Should chivalry be dead?

A few years ago, I read an article online (don’t remember where) arguing that chivalry deserves a second look.
The writer’s point was that stripped of the sexism and classism that came with medieval ideas, chivalry has good principles. Live up to your promises. Respect your superiors (to the extent they earn it, at least). Protect the helpless. Stand up for what’s right. Do your duty well, whatever it happens to be.
Unfortunately, I’m not sure chivalry can be extracted from the medieval context. Just the word conjures visions of knights in armor or Southern gentleman acting with (possibly unctuous) politeness toward women. As witness that most discussions of Chivalry Today don’t approach in a gender-free manner. This Atlantic article, for instance, asserts that by rejecting chivalry (under which category the author includes opening doors for women, carrying bags for them, paying on the first date) women are ultimately worse off: Men behave boorishly and disrespect women without a code to govern them! By rejecting chivalry, feminism has gotten men all confused about how to act! Feminists and traditionalist should make common cause! Chivalry doesn’t mean treating women as the weaker sex!
Frankly, when it’s put in a gendered discussion like this, yes that’s what it implies. Though author Emily Esfahani Smith does suggest briefly at the end that it’s a good thing for both sexes to show chivalrous conduct, that’s not how the rest of the article runs, which is focused on how men treat women.
First off, to touch on one points, I don’t think chivalry is some vital bulwark against being boorish or rude. It’s possible to be courteous and polite without being chivalrous, or gender-based chivalrous. As this blogger points out, (hat tip to Slacktivist) offering your seat to someone who’s pregnant or old is generous and courteous—but she has no wish to have someone give up a seat on a bus just because of her gender.
Second, quite aside from the baggage that comes with chivalry (and the underlying rationale has always been Man Protects And Cares For Woman), as a practical point it also places pressure on the woman. Not to open her own doors, carry her own groceries, pay for the date, even if she wants to. So it’s not surprising some women don’t want or actively dislike all the chivalry trapping unless they have a practical purpose (some women do—it’s much more accepted in the South, in my experience). If someone insists on someone else accepting a courtesy–and Smith seems to think women should accept chivalrous gestures—then it’s no longer courtesy, it’s imposing.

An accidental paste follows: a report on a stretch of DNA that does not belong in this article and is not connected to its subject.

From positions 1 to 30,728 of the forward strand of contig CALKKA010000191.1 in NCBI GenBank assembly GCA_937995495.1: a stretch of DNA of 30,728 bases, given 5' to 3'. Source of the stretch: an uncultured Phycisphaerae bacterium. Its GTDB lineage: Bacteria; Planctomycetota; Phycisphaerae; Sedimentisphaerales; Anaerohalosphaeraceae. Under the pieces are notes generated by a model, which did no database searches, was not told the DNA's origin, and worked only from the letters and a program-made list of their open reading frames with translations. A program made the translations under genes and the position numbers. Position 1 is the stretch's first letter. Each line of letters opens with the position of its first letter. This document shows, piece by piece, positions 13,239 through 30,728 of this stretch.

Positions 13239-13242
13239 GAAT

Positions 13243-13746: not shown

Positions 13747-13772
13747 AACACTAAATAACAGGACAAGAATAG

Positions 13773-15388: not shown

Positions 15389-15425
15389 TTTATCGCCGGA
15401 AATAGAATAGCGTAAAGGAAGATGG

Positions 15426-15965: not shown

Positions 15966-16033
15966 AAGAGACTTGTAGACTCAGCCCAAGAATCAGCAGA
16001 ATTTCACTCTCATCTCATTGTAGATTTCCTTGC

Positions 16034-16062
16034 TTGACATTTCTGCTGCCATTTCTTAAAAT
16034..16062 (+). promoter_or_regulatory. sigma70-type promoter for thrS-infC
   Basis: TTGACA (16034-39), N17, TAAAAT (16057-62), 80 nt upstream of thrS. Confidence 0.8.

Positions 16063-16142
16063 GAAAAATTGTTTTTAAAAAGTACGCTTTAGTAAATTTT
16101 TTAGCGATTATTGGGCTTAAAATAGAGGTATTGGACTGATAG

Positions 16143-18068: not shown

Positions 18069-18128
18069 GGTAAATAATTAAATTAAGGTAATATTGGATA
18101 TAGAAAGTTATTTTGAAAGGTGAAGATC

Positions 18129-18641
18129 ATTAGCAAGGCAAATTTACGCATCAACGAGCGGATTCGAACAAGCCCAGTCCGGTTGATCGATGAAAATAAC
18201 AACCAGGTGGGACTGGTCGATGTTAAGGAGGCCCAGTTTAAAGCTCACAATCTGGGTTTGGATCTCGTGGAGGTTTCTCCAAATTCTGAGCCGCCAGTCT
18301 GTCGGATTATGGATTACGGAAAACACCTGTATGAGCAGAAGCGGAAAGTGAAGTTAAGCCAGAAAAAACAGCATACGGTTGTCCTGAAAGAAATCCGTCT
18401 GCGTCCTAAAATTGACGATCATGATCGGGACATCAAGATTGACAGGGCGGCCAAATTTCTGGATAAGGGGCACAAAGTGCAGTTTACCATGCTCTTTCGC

Third, the underlying point is bullshit. Chivalry doesn’t reign in male impulses: Knights were just as capable of raping or killing women as any “boorish” modern male. Just read Thomas Mallory—his knights are most definitely not gentlemanly in their behavior.
What chivalry does do is excuse all the nastiness. Fox anti-feminist pundit Suzanne Venker, for example, argues that women really had it better off back in the good old days, when they had no rights but men would stand up when they entered the room. Why, when men behave like that, it’s clear that women couldn’t possibly be oppressed!
So yeah, I think chivalry has some good points, but we don’t need chivalry itself to adopt them. Let it die, and let’s work on a better code.
According to Smith, feminism has left men confused about how to behave by rejecting chivalry. I’d say her and Venker arguing in favor of it is just as confusing. Plus, of course, they’re wrong.

4 Comments

Filed under Politics, Undead sexist cliches

4 responses to “Should chivalry be dead?

  1. Pingback: Hey, That Feminist Gave Me Back My Lance — Chivalry Part 4 | joeccombs2nd

  2. Pingback: Hadn’t planned to post | Fraser Sherman's Blog

  3. Pingback: Sex is a beautiful cathedral that liberals want to demolish. Who knew? | Fraser Sherman's Blog

  4. Pingback: Honor and its discontents | Fraser Sherman's Blog

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